By on May 19, 2017

2004 Mazda MX-5 Miata GT - Image: © Timothy Cain

Silver was not my first choice. But after spending weeks on the prowl for an older Mazda Miata, I found the right car within walking distance of my childhood home.

Our new-to-us Miata is a 2004 model with a six-speed manual and only 43,000 miles under its belt. Always stored for the winter, as most Miatas are in this part of eastern Canada, the car is in ridiculously good condition, revving seductively and shifting like nothing else shifts this side of an RX-8.

I’m not a huge fan of the MY2004-2005 OEM wheels. I’d prefer cloth seats. It’s silver, not the black I was after.

But after considering German droptops and Jeep Wranglers and numerous vehicles that did not come close to fulfilling my list of requirements, I couldn’t deny my initial instincts.

I wanted a Miata for 28 years. I have one now.

What caused me to avoid the other cars on the list we showed you earlier this week?

The Jeep Wrangler was let down on a few counts. First, tedious softtop operation, combined with hardtop removal, make it less of a spur-of-the-moment convertible. Pre-owned Wrangler prices are also exceptionally high. I’m moving to an area with some exceptionally fun roads, and while the Wrangler would’ve been a great winter companion in Prince Edward Island, it wouldn’t have been any fun on the undulating rural roads of central PEI.

The European convertibles, particularly the BMW 3 Series, are undeniably desirable. But I was frightened by long-term maintenance costs for German cars that often appeared tired and worn when I’d examine them in daylight. I’d have appreciated the power of a BMW inline-six, no doubt, but power isn’t really what I’m after. Moreover, the rate of depreciation for these cars — cars which other buyers likewise believe to be costly to maintain as they age — wasn’t encouraging.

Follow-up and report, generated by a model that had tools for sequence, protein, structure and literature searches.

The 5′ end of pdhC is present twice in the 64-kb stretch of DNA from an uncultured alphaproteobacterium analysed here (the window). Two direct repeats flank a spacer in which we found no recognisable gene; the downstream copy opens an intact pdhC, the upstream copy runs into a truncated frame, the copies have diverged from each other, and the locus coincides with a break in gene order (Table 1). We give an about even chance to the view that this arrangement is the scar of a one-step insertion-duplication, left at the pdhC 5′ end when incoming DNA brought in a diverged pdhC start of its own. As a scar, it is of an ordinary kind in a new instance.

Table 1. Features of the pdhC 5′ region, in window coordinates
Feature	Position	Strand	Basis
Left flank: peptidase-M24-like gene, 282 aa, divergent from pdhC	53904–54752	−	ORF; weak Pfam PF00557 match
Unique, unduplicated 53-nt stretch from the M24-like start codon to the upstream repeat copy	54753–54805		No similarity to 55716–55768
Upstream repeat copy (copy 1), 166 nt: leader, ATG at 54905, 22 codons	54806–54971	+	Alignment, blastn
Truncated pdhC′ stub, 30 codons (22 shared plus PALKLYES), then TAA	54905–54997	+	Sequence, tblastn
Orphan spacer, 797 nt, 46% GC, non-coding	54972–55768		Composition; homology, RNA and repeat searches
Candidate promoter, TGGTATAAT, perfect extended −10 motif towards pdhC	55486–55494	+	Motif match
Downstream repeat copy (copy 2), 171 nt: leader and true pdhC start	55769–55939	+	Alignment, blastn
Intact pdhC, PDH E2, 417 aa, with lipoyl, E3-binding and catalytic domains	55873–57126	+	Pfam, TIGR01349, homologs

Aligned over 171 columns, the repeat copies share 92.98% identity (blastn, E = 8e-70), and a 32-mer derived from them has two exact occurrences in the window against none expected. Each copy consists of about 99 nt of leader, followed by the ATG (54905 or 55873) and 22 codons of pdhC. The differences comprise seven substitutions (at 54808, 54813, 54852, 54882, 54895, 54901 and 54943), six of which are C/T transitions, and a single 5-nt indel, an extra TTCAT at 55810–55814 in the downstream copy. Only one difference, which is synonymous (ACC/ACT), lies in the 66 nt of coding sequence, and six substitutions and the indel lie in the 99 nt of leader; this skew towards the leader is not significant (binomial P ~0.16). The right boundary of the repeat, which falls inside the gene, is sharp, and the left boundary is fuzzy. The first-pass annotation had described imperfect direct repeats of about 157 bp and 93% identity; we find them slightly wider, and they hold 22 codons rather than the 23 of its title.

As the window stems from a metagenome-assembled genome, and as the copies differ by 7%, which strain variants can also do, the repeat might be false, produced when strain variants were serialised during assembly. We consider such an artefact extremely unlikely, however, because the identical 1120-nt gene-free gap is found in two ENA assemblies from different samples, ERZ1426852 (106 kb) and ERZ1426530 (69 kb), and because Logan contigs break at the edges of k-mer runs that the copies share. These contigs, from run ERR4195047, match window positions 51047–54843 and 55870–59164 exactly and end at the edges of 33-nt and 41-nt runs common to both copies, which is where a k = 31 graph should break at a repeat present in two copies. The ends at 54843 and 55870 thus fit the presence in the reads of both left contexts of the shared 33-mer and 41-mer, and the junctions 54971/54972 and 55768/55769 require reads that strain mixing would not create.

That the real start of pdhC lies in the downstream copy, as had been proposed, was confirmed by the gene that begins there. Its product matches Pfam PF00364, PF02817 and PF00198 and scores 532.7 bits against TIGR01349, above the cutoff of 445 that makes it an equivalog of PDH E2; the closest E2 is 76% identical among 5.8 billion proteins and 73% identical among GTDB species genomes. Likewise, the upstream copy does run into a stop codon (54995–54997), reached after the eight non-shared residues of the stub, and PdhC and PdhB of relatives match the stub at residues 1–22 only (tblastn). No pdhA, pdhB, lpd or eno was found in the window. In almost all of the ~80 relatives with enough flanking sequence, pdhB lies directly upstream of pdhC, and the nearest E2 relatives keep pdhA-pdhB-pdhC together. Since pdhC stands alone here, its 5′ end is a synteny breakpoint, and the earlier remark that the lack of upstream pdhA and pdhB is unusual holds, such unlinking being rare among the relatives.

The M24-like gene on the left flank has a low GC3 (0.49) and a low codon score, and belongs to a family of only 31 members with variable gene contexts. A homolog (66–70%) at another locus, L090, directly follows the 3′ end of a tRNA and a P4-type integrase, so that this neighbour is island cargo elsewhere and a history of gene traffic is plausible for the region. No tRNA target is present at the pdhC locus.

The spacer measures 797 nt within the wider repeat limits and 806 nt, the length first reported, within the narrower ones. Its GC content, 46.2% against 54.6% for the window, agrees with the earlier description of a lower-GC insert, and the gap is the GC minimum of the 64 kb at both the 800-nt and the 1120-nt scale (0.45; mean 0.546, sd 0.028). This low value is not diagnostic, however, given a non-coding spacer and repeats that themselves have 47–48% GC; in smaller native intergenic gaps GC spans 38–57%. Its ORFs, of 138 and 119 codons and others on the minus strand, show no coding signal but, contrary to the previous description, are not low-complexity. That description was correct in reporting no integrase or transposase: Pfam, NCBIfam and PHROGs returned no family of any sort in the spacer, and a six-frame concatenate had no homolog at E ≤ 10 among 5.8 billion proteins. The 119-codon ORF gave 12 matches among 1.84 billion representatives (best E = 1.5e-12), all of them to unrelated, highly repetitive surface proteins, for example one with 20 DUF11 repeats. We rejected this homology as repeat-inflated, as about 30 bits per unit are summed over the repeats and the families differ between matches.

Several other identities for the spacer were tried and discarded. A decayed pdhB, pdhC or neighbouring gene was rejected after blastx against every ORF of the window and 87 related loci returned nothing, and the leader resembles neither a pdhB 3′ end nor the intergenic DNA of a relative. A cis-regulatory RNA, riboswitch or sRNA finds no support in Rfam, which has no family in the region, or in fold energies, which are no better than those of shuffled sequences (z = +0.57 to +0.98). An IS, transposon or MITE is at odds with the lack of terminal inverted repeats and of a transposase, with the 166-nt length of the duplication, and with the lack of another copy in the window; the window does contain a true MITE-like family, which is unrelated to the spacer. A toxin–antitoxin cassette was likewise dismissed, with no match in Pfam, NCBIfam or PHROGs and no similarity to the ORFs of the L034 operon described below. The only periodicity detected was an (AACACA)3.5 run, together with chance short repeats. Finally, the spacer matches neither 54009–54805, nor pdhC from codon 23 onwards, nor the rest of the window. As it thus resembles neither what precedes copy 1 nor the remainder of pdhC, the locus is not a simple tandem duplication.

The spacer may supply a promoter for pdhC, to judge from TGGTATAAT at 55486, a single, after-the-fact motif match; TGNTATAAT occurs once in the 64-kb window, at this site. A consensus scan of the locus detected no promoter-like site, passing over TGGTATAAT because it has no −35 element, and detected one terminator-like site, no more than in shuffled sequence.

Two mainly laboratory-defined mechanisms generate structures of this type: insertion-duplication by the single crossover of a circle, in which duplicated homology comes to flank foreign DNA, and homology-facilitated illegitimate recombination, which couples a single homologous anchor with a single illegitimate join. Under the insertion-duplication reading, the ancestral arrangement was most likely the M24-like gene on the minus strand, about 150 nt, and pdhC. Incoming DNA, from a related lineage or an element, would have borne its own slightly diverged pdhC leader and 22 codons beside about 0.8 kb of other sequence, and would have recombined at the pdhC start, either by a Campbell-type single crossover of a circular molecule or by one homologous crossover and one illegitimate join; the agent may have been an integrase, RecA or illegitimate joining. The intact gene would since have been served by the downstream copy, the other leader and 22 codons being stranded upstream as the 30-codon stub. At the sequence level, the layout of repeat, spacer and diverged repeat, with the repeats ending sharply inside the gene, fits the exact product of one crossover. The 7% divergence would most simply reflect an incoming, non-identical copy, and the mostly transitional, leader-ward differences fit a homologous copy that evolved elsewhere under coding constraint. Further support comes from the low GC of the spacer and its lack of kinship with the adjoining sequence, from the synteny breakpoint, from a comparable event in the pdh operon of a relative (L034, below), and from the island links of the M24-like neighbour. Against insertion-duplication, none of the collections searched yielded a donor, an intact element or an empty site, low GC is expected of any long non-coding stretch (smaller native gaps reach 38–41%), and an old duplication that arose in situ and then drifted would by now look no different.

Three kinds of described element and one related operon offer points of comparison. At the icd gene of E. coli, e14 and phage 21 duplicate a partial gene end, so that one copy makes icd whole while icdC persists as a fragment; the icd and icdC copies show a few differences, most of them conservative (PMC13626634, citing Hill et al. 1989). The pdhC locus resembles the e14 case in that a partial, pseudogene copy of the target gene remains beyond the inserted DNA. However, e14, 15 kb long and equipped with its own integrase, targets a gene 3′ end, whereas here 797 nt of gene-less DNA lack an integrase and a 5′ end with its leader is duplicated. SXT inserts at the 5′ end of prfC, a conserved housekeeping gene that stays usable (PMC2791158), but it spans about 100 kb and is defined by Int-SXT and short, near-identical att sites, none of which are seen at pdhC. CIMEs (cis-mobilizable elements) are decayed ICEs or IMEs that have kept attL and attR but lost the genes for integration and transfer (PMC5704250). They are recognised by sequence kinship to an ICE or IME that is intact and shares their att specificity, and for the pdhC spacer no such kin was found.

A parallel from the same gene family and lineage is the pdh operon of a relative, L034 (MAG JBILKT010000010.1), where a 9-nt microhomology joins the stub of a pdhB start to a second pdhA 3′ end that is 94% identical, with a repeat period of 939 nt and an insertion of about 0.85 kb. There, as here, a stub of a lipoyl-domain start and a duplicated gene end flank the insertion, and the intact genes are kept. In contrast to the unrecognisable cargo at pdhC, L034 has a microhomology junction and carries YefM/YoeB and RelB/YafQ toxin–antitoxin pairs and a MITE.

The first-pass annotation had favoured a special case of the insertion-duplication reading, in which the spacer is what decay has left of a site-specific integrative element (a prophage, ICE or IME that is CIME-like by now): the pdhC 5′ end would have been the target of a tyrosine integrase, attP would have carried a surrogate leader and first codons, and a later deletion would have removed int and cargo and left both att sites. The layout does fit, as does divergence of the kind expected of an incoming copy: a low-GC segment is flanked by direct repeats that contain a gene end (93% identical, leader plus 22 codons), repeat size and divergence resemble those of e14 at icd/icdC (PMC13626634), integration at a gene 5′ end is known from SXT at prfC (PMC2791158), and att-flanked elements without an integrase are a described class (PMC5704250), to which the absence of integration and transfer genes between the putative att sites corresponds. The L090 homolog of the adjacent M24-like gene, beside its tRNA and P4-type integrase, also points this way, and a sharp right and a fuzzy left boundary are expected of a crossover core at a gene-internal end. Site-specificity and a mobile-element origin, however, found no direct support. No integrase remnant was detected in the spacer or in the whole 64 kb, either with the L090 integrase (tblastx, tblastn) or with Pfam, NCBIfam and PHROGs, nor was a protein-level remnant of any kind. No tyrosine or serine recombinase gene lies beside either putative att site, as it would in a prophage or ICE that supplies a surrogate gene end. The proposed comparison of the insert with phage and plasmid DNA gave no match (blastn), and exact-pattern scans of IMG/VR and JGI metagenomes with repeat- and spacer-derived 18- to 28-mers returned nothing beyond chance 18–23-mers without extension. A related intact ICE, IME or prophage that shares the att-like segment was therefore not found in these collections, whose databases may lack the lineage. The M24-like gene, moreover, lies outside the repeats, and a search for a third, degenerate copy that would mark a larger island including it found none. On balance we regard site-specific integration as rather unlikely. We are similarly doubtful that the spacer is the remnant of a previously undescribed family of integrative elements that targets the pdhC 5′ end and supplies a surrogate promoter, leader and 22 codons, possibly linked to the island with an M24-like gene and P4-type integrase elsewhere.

I couldn’t help but consider other four-wheel-drive SUVs: GM brutes and oddballs like the Land Rover LR3 and Volkswagen Touareg. There was even a Hummer H3 Alpha that intrigued me. Then there were Minis and Golf GTIs, tuned Preludes and RSXs. But we weren’t looking for a second vehicle so much as we were looking for a financially sane convertible purchase. Mrs. Cain and I both work from home; vehicles in our possession rack up very little mileage.

2004 Mazda MX-5 Miata GT - Image: © Timothy Cain

If, for some reason, our new Miata must be sold in the coming months or years, it’ll be a car without much more mileage than it currently possesses, a car that was stored in the garage all winter, a car that will be more fastidiously maintained than our 2015 Honda Odyssey.

If the $7,500 USD price I paid concerns you, consider the fact that there were other Miatas — older and more costly Miatas — selling around the same time. (Canada’s average asking price for a 2004 MX-5 Miata GT is $8,800 USD.) Finding a Miata that wasn’t roughed up or ostentatiously modified wasn’t easy for me, nor will it be for the buyer who’s looking for a Miata when I’m selling mine.

Selling? Nah, I certainly don’t plan to. I love this car.

Although it’s heresy among Miataphiles, I’m actually not a huge fan of the NA’s look. The NC is a sweet little car, and I’m a big fan of the style, but I don’t find the driving experience as engaging. Obviously, the new MX-5 Miata — the ND — is a spectacular device, but it was far outside my price range. This leaves the NB, the 1999-2005 car with its 142-horsepower 1.8-liter four-cylinder and sub-2,500-pound curb weight and 28 mile per gallon highway efficiency.

The Miata heads to the Mazda dealer this afternoon for an oil change. I’ve already de-fogged the headlamps, brought the drainholes up to snuff, and cleaned the roof.

It’s not perfect. The 12v outlet doesn’t work. The floor mat attachment doesn’t stay firmly in place. A three-year-old boy has already left crumbs in the passenger seat.

It’s also silver.

That’s okay. I’ll survive.

[Images: © 2017 Timothy Cain]

Timothy Cain is the founder of GoodCarBadCar.net and a contributing analyst at The Truth About Cars and Autofocus.ca. Follow on Twitter @timcaincars.